Release Date(s)1970 (January 19, 2016)
Studio(s)United Artists/MGM (Twilight Time)
- Film/Program Grade: A
- Video Grade: A
- Audio Grade: A
- Extras Grade: N/A
The good people at Twilight Time have followed up their fine Blu-ray of George Roy Hill’s Hawaii (1966) with an even better edition of its 1970 sequel, The Hawaiians. Both films are based on the same novel by James Michener, whose tome was so sprawling that it provided enough material for two movies with plenty left over. As Julie Kirgo informs us in the indispensable liner notes that accompany the Hawaiians Blu-ray, the book spans hundreds of years to provide a massive, comprehensive fictionalized history of Hawaii. The two films wisely choose particular sections to focus on; while the first deals with American missionaries in the early 1800s, The Hawaiians takes place two generations later and follows Whip Hoxworth, the grandson of Richard Harris’s character in the original film.
Hoxworth is an ambitious young man who returns from time at sea to find that his grandfather has failed to leave him the business interests he thought were his to inherit. Refusing to let this disappointment stand in his way, Hoxworth builds an empire based on a pineapple plantation and spends decades dealing with the complicated women in his life and the even more complicated relationships he forms with the Chinese and Japanese indentured servants brought to the island – and the complicated relationships they have with each other.
The crux of the film is Nyuk Tsin, a Chinese immigrant who is Hoxworth’s equal in intelligence and ambition, if not opportunity. The script by James R. Webb (How the West Was Won) splits audience identification between Tsin and Hoxworth to tell a sprawling but emotionally potent epic tale that encompasses multiple cultures and eras and brings the multiple strands together beautifully in a marvelously touching finale.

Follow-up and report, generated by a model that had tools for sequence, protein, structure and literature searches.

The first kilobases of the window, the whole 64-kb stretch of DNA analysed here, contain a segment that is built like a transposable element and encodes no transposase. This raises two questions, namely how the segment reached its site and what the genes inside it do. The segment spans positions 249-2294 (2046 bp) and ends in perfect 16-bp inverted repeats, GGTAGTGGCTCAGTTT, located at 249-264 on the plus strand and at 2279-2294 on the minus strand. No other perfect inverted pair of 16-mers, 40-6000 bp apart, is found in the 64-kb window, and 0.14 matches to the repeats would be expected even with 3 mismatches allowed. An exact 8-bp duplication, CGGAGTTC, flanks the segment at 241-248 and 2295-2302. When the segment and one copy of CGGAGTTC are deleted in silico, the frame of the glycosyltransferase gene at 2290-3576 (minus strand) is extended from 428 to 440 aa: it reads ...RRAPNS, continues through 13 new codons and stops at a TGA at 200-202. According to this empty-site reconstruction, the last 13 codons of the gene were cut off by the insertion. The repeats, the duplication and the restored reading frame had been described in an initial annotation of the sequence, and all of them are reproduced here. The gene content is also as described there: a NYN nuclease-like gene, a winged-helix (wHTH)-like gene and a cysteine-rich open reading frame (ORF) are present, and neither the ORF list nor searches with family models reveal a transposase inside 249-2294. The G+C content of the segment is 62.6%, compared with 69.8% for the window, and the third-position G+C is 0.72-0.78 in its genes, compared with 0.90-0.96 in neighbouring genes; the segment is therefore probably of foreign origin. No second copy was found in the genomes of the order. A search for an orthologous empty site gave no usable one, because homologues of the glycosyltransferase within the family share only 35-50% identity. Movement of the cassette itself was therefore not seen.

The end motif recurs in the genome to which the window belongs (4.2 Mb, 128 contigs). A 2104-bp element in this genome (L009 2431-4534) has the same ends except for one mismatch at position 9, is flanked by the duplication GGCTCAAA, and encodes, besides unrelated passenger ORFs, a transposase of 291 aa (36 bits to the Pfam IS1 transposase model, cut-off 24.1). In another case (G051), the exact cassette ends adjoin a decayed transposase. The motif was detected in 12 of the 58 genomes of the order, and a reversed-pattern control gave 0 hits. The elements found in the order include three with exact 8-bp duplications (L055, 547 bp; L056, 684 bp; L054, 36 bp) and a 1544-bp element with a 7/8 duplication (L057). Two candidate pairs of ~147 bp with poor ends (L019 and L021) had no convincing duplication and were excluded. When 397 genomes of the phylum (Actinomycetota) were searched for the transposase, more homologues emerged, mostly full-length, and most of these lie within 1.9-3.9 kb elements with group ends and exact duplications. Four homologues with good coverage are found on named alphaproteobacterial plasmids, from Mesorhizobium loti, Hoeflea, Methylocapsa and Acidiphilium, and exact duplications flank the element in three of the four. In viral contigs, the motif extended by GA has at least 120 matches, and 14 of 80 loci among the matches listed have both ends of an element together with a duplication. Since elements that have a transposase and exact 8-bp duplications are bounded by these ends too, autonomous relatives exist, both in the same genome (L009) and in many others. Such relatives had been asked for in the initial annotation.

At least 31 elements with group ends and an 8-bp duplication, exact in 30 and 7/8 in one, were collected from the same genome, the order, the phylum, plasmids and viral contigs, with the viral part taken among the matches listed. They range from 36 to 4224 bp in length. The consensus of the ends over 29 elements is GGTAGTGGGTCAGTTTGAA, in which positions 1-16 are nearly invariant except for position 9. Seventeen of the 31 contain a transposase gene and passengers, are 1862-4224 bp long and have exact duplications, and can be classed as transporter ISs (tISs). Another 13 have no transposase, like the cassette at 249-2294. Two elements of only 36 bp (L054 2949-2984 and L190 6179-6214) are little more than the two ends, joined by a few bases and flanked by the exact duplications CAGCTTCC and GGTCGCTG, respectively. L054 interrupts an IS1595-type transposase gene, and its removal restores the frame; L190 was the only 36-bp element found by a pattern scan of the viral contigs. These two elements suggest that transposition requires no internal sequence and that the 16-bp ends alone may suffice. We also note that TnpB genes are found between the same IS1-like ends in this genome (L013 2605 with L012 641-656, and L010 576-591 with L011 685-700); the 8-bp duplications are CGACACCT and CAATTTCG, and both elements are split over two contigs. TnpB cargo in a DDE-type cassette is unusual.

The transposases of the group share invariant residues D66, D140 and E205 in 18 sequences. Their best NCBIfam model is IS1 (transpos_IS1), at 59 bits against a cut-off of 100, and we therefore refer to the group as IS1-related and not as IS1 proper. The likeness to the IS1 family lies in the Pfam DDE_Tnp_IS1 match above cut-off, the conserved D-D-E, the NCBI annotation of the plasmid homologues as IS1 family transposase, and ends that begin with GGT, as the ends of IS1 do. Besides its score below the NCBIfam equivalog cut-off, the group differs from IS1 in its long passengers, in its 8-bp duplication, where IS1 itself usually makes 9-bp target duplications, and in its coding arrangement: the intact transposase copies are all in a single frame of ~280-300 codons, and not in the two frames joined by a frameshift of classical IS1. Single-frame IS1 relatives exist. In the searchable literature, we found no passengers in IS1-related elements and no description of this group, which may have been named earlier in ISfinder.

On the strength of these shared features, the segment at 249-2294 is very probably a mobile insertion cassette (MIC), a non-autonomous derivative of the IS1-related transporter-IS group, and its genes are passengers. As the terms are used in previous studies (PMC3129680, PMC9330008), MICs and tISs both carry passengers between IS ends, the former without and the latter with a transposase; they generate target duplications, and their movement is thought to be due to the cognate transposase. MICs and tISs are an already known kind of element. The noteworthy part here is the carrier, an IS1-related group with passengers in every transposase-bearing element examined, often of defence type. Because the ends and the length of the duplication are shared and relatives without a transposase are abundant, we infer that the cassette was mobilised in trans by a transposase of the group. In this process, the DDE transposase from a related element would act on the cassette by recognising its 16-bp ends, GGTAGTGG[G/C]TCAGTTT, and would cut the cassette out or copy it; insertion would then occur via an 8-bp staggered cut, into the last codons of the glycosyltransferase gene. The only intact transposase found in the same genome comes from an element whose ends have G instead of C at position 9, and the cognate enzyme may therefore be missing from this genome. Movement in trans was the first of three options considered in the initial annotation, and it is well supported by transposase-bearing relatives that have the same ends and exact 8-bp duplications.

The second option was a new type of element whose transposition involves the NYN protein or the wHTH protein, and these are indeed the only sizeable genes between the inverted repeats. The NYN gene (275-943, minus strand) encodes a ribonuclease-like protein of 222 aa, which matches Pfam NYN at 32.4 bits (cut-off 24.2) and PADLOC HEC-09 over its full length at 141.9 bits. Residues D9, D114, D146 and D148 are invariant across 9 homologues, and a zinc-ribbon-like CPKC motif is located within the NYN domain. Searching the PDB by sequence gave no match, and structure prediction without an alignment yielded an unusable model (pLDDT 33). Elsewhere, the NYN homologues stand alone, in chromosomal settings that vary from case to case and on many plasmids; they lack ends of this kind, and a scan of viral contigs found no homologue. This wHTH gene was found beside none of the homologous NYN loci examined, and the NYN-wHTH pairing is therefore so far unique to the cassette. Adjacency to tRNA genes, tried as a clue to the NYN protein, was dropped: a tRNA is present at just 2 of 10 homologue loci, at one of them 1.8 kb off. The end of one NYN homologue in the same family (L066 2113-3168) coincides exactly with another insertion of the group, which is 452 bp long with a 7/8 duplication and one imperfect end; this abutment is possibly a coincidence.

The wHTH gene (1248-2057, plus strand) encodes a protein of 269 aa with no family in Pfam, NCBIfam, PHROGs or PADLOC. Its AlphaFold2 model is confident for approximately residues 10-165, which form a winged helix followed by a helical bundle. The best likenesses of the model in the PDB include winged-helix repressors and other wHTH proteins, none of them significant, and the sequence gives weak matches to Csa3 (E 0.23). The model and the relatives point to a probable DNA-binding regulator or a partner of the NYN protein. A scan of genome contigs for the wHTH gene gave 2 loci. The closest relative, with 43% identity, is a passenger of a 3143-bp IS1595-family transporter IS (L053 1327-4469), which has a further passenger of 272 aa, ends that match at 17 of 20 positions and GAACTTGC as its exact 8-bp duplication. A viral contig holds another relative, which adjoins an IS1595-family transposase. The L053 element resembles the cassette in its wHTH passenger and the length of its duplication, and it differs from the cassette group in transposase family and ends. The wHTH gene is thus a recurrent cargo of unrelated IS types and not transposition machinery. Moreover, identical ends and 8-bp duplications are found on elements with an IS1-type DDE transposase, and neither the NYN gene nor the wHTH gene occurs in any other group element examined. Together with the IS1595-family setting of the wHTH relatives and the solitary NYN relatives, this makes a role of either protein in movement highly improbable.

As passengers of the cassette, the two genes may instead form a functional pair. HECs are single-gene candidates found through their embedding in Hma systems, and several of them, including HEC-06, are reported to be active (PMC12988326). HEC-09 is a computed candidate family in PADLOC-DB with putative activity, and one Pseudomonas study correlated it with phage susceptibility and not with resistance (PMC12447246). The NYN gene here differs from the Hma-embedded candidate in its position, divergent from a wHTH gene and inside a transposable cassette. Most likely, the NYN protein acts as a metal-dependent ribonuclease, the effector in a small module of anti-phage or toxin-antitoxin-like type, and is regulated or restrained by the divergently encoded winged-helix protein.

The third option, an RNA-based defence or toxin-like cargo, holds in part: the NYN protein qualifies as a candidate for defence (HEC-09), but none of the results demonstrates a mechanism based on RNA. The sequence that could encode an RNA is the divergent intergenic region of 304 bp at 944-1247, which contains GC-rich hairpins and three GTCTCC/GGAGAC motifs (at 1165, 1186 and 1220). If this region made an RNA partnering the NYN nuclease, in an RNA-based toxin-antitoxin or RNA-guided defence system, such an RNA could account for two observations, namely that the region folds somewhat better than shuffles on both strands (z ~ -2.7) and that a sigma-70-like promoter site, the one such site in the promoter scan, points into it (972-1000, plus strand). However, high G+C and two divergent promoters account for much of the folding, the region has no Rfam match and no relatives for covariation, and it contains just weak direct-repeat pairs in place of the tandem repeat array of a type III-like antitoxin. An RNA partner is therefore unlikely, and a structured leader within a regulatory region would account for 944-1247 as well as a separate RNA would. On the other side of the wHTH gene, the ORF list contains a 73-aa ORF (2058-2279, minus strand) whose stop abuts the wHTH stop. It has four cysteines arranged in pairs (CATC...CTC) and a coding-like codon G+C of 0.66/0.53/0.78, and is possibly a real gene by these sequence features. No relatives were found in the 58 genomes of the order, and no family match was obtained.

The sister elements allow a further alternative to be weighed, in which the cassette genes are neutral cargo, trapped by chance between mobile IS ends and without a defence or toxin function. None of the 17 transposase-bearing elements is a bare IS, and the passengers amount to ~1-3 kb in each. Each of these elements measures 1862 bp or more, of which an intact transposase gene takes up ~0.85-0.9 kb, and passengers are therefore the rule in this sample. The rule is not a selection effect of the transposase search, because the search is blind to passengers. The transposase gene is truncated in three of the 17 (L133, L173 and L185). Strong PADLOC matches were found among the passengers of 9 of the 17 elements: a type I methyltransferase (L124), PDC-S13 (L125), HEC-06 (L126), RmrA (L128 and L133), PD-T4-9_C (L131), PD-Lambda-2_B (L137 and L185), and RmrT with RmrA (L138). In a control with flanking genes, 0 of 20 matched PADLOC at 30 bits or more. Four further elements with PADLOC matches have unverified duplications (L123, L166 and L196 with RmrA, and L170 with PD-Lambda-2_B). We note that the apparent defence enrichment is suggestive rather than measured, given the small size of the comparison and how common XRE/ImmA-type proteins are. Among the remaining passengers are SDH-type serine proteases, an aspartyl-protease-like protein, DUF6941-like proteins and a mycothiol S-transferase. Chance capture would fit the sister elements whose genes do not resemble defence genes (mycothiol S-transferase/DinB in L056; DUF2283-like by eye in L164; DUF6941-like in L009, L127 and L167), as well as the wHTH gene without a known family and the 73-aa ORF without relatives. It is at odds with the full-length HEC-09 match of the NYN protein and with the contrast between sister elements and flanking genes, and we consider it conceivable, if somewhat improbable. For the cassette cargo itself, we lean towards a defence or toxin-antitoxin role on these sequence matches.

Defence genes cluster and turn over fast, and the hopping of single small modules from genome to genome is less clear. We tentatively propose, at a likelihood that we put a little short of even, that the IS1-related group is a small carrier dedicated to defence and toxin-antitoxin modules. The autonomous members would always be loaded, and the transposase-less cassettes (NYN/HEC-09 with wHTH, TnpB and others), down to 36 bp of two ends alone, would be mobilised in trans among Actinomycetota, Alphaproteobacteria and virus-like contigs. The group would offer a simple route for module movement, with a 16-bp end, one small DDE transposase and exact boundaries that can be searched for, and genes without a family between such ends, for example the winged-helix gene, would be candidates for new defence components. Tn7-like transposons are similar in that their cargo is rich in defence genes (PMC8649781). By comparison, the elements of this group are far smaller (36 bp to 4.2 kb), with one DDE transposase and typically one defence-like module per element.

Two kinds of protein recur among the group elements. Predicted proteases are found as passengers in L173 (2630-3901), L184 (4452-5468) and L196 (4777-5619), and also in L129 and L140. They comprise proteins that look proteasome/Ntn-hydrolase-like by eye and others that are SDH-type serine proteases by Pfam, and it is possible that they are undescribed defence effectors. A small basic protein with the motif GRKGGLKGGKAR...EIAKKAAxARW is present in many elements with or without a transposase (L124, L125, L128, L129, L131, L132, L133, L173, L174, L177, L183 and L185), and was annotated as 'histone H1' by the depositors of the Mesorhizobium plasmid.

Like the first film, The Hawaiians is produced by the reliable Walter Mirisch, which means that all of this is mounted with first-rate resources and talent – the score is by Henry Mancini, the cinematography is by not one but two legends (Peckinpah regular Lucien Ballard and Point Blank’s Philip Lathrop, who finished the film), and the director is the criminally underrated Tom Gries, who had worked with Heston before on the masterful Western Will Penny. Gries and Webb deftly juggle characters and storylines in grand old Hollywood fashion, crafting a film that’s both complex and clear, intelligent yet accessible. It’s a must-see, whether you watch it in conjunction with Hawaii or as a stand-alone film.
There’s certainly no better way to watch it at home than via this Blu-ray release, which is beyond reproach in terms of both image and sound. The transfer preserves the broad tonal range of Ballard and Lathrop’s palette and contrast, particularly in the many nighttime exteriors, which have lost no detail or nuance here. The monaural DTS sound mix is surprisingly powerful, and in keeping with Twilight Time tradition Mancini’s score is available as an isolated track. There are no other extra features aside from an original theatrical trailer.
- Jim Hemphill